Melissa Tapia-Garcia, ABQ BioPark assistant curator of horticulture, added, “This was a wonderful project to work on with some amazing people. We planted many different species of plants and grasses in some interesting areas.”


What Staff Volunteers Said About the Project

Cecilia Hernandez, ABQ BioPark gardener

“This project began for me many months before the trip out to Ghost Ranch. As the caretaker of one of the nurseries at the BioPark, I nurtured the 450 tree and shrub seedlings that arrived in bareroot bunches, from leafless twigs into healthy vibrant plants that set down roots beyond their pots.  Knowing they were destined for the wild, I did my best not to baby them but limitations on time, space and materials made it so that the focus was on keeping them alive, rather than preparing them for the environment to come.  I am eager to see how they adapt over time.”

Lisa Moore, ABQ BioPark senior zookeeper

“My passion may lie with mammals, but through the tracks left in the damp earth, I realize the power in a healthy environment supports the healthy presence of wildlife.  Stepping away from my work at the zoo and into our local wild areas brought a renewal in all we stand for, and promote, at the ABQ BioPark.  I look forward to seeing the new growth take root, creating a stable home for more White-tailed deer, western bluebirds, and the sly coyotes.”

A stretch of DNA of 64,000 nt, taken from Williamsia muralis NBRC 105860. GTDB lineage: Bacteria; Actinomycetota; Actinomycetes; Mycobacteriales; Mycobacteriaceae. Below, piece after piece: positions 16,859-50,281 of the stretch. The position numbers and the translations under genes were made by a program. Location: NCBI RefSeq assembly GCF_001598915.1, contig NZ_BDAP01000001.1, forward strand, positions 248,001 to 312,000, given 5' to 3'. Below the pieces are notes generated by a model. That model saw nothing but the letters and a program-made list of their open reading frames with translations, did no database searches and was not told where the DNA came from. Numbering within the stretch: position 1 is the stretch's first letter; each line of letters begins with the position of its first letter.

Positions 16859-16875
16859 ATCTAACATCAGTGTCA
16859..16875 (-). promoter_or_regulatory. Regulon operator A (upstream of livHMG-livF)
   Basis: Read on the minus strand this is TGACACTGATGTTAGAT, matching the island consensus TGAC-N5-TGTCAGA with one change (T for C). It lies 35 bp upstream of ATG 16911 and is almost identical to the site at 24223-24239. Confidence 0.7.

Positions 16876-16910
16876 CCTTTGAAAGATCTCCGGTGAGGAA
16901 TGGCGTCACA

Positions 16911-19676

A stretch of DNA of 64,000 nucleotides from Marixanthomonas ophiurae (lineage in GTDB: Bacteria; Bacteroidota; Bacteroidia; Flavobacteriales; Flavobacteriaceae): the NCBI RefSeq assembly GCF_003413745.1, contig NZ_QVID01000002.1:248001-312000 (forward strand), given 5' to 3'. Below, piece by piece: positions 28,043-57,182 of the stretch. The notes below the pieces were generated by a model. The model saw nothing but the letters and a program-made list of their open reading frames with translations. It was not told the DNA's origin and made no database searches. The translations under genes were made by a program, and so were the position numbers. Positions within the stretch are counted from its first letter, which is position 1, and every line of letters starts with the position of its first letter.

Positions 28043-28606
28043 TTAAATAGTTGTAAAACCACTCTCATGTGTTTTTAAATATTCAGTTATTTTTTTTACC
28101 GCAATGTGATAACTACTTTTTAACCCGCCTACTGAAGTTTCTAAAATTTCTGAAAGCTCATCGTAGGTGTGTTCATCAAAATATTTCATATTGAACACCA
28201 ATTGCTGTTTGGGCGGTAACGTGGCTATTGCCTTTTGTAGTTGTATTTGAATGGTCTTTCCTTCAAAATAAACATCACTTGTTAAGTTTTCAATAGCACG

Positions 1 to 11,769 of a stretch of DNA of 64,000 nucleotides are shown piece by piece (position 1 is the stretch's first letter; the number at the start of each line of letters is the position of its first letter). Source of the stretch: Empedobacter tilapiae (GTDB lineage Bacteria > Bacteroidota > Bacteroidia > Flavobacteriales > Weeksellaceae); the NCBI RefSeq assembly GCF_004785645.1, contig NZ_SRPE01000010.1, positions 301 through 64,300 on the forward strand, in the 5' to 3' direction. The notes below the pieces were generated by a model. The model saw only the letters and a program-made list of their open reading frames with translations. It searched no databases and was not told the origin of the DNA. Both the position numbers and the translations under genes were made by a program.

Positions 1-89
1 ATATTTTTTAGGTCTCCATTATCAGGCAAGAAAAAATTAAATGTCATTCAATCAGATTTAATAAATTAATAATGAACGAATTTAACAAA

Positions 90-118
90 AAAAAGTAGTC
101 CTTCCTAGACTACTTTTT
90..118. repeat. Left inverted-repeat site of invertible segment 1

Judith Phillips, ABQ BioPark docent, landscape architect and member of Native Plant Society of New Mexico

“We were lucky. Rain had soaked the planting area a few days earlier so the soil was as easy to work as it ever can be in New Mexico. There was still a trickle of water in the low-flow meander in part of the planting area. What a bonus, being able to bucket water to new transplants! The other bonus was the planting crew. Shovel-ready and quick to laugh. Bravo!”

Jason Schaller, ABQ BioPark curator of entomology

“The Ghost Ranch vegetation restoration project was an excellent team building experience for all involved. Additionally, I was able to document some interesting arthropods while collecting copious amounts of rotting oak leaf mulch with the permission of the property managers. Quality rotting oak leaf mulch without pine needles or other contaminants is a priceless resource for the Bugarium Rearing laboratory–we use it to grow eight species of beetle, several millipedes, and several cockroaches. The quality and accessibility of this mulch will be useful indefinitely.”